Dreams broken on the streets of Paris

For most Europeans, the federalist project has been synonymous with progress. Now the prospect of monetary union is forcing a reappraisal; The federal destiny demands insecurity and cuts
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The Independent Online
European History is happening, too slowly to notice. We become bogged down in acronyms, endless abstract debates about institutions, all the bureaucratic blather and hogwash of today's Europe. Our eyes glaze; our minds wander. Is this the birth of a new super-state or the death of a dream? Who knows? But concentrating on it is like trying to watch a butterfly hatch or water freeze.

Did other great turning-points in political destiny have the same anaesthetising effect on those who lived through them? Did newspaper readers in Rhode Island and Boston yawn as they flipped yet another wearisome report of the confederalists' latest proposals in Philadelphia? Did voters in Munich and East Prussia shrug at the windy garrulity of the National Socialists in the Reichstag and make ancient jokes about the pointlessness of politicians?

Previous crises have at least been tinged by violence or the threat of violence. Dying soldiers and smashed glass tend to concentrate the least political of minds. This time, as we try to focus on yet another European summit, to recall what the ''reflection group'' is up to and whose proposals on QMV will dominate the agenda for the IGC, we have only had the Parisian riots to make us stop and think. This isn't real, European-style violence. But at least the workers of France have snapped their fingers.

We need to hear them. For we are at a turning-point, even if the corner is gentle and long. After half a century of chugging quietly towards a certain idea of European unity, the realisation is spreading that we may not get there. Not soon. Not ever.

And the reason is straightforward - the power of the global economy. Up to now, there has been a vague equation in the minds of European voters between the notion of European union and prosperous modernity. The federal project unfolded alongside the creation of European welfare states, the regulation of labour markets and the transforming effect of post-war prosperity. During good times, voters don't much care what their leaders are scheming, so long as for them life ripens.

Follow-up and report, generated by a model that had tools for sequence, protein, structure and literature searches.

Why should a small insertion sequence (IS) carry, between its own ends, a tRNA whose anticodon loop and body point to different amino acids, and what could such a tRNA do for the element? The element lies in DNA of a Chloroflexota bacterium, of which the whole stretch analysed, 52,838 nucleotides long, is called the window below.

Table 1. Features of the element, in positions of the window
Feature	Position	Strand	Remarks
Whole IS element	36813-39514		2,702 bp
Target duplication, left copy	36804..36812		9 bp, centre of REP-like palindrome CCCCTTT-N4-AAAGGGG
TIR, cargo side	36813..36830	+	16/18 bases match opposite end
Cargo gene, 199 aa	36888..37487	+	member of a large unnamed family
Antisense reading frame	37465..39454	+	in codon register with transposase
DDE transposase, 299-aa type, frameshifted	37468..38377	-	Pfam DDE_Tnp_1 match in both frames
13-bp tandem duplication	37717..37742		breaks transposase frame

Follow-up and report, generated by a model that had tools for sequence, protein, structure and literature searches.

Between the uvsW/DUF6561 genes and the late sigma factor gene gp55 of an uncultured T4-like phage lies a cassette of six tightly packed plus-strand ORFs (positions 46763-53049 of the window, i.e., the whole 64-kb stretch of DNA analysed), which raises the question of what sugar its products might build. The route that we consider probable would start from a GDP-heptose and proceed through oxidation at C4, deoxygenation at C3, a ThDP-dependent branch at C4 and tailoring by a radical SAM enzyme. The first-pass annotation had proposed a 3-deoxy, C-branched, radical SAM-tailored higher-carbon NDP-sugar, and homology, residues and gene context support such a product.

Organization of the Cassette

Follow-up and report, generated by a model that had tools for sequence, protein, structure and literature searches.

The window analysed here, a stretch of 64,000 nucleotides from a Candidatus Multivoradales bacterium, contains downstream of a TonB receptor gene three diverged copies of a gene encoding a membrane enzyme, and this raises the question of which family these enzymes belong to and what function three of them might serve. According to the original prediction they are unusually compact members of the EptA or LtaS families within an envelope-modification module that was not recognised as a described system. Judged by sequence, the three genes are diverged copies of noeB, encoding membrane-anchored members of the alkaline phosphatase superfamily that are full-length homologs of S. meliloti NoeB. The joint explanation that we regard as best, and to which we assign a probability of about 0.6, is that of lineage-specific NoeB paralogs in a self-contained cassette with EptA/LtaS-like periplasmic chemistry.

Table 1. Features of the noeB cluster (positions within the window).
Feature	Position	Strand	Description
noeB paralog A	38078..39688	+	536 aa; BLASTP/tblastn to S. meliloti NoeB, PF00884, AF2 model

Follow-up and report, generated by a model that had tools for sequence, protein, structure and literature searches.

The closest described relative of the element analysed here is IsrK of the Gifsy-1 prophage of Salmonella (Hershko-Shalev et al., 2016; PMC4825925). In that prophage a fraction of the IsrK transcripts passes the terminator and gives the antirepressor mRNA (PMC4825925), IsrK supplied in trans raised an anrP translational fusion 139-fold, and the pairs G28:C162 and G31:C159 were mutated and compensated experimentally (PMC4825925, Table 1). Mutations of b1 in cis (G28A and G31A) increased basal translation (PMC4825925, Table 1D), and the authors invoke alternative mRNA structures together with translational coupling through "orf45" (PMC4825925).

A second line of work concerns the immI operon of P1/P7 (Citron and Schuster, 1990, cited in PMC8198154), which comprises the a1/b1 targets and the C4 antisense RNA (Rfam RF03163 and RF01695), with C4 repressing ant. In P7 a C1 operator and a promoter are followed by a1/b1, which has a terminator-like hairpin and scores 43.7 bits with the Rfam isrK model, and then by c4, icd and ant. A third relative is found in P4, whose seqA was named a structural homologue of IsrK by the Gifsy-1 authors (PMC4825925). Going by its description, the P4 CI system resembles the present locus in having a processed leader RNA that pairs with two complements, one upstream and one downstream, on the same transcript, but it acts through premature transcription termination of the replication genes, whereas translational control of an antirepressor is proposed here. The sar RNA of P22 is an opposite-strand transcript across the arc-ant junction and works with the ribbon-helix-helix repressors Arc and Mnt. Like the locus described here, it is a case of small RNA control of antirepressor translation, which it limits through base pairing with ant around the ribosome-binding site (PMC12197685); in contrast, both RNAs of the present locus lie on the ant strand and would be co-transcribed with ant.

The arrival of freer world trade, entirely mobile capital and the Asian century kills this cosy equation. The lethal connection is monetary union, declared to be the next stage of European union. Once, perhaps, that could have been accomplished through a grand European-wide Keynesian institution, coupled with equally widespread welfarism. But these days monetary union has to be on the orthodox bankers' terms. Nobody in power dissents from that proposition and, indeed, it is written in letters of fire into the Maastricht treaty.

Monetary union on these terms is incompatible with the continued levels of welfare, industrial subsidy and government borrowing to which a vast swathe of the European middle class is accustomed. The link between federalism and voter-gratification is broken for public-sector workers and pensioners, as it had already broken for farm workers.

Suddenly, the next stage of political union is rasping against the self- interest of millions of voters at the heart of Europe. Once the Community seemed synonymous with security and wealth. Now the federal destiny demands insecurity and cuts.

There is a grim belly-laugh to be wrung out of all this. Part of the motivation for European union, particularly in France, was that it would build a political Europe which could withstand the malign neo-liberal orthodoxy of malign Anglo-American capitalism. Yet here is the EU itself acting as the bridgehead for that ortho-doxy. Have the barbarians entered the temple? No, worse still - the priests have converted to barbarism!